Dizzy

By Jürgen Fauth
 

The moment I get off the streetcar, I see the red and blue lights reflecting off the white walls of the Jewish Community Center across from my house, and I know they are there for me. I've been picking pockets in the Quarter all day, and I feel tired and hungry and crabby, in no mood to be arrested and have my life change forever quite yet. It's never good to get arrested on an empty stomach.

So I stuff my hands deep down in my pockets, keep my head low, and walk straight past my house where three NOPD cars are pulled up on the lawn. Across the street, Jewish kids are screaming in the pool. I don't dare look up to see if the cops are inside. I hurry past, turn on Prytania, then down all the way to Magazine, to Guy's Po-Boys. A po-boy is exactly what my delirious stomach is longing for, and only after I devour a fully dressed oyster on French can my head begin to deal with the fact that at least six of New Orleans' finest are digging through all my belongings right now,waiting for me to return home so they can carry me off to jail, and from there, toAngola.

I count my earnings: 340 dollars, 1000 francs, and some American Express Travelers checks in German marks that won't do me any good. Seven credit cards that might still work for another day or so. A handful of drivers licenses, but none of them remotely look like me. A card for the Englewood, New Jersey, public library. What the hell did I keep that for?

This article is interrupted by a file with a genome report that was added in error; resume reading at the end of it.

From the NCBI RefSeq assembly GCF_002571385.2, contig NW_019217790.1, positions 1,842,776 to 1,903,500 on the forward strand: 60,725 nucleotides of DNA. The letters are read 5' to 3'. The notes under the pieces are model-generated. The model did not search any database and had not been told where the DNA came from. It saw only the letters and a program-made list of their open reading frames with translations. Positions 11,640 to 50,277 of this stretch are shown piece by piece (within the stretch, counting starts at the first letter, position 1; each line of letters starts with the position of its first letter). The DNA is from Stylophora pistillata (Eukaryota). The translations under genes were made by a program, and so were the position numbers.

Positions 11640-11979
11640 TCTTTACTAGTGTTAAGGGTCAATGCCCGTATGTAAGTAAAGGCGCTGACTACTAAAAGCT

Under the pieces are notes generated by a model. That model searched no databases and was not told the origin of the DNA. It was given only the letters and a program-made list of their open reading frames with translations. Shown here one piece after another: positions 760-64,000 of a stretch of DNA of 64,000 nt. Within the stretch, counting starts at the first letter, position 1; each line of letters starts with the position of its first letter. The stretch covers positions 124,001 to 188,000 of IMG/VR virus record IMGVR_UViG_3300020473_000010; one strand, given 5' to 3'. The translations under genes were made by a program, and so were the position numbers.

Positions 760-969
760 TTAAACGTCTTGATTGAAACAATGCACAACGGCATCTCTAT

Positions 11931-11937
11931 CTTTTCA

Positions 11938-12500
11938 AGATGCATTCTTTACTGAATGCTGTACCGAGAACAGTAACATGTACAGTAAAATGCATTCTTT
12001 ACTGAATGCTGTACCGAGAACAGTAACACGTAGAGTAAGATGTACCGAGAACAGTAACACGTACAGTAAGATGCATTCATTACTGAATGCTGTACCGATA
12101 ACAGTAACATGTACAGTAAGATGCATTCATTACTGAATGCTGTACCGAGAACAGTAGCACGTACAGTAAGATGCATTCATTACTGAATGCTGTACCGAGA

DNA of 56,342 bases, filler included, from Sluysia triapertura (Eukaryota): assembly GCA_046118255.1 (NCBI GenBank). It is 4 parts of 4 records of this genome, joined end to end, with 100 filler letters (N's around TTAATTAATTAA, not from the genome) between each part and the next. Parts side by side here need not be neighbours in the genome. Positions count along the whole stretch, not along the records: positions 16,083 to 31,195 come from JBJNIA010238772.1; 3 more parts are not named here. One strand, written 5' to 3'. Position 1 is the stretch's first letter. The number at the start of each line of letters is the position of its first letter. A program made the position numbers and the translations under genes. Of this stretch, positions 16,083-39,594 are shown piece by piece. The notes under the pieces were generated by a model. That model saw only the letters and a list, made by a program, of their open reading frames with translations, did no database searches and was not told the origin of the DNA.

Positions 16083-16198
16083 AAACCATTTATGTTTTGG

"Hey Osmo," somebody says. I twitch. "You coming to the show tonight?" It's Kermit Ruffins, the trumpeter. I'm a regular at his Wednesday night gigs at the Bon Temps. Kermit swings hard.

"Sorry, Kermit," I say. "I think I'm in a bit of trouble. Gotta blow town."

Kermit puts his fingers to his lips, pretending to puff on a joint, rolling his eyes like Satchmo. "Reefer trouble?"

"Worse than that," I say. I'm flipping through my stack of stolen cards as if they are a tarot deck.

"Sorry to hear that," Kermit says. "Where're you gonna go?"

I hold out the deck of cards, and Kermit cuts it. Englewood, New Jersey.

"That's where Dizzy died," Kermit says. 


Copyright © 2001 Jürgen Fauth

Jürgen Fauth is a writer from Wiesbaden, Germany. His recent publications include the Berkeley Fiction Review, Chiron Review, Potatoeaters Quarterly,
and Blue Moon Review. He received a Ph.D. in Creative Writing from the Center for Writers and is an associate editor for fiction at the Mississippi
Review Web. He lives in New York City.

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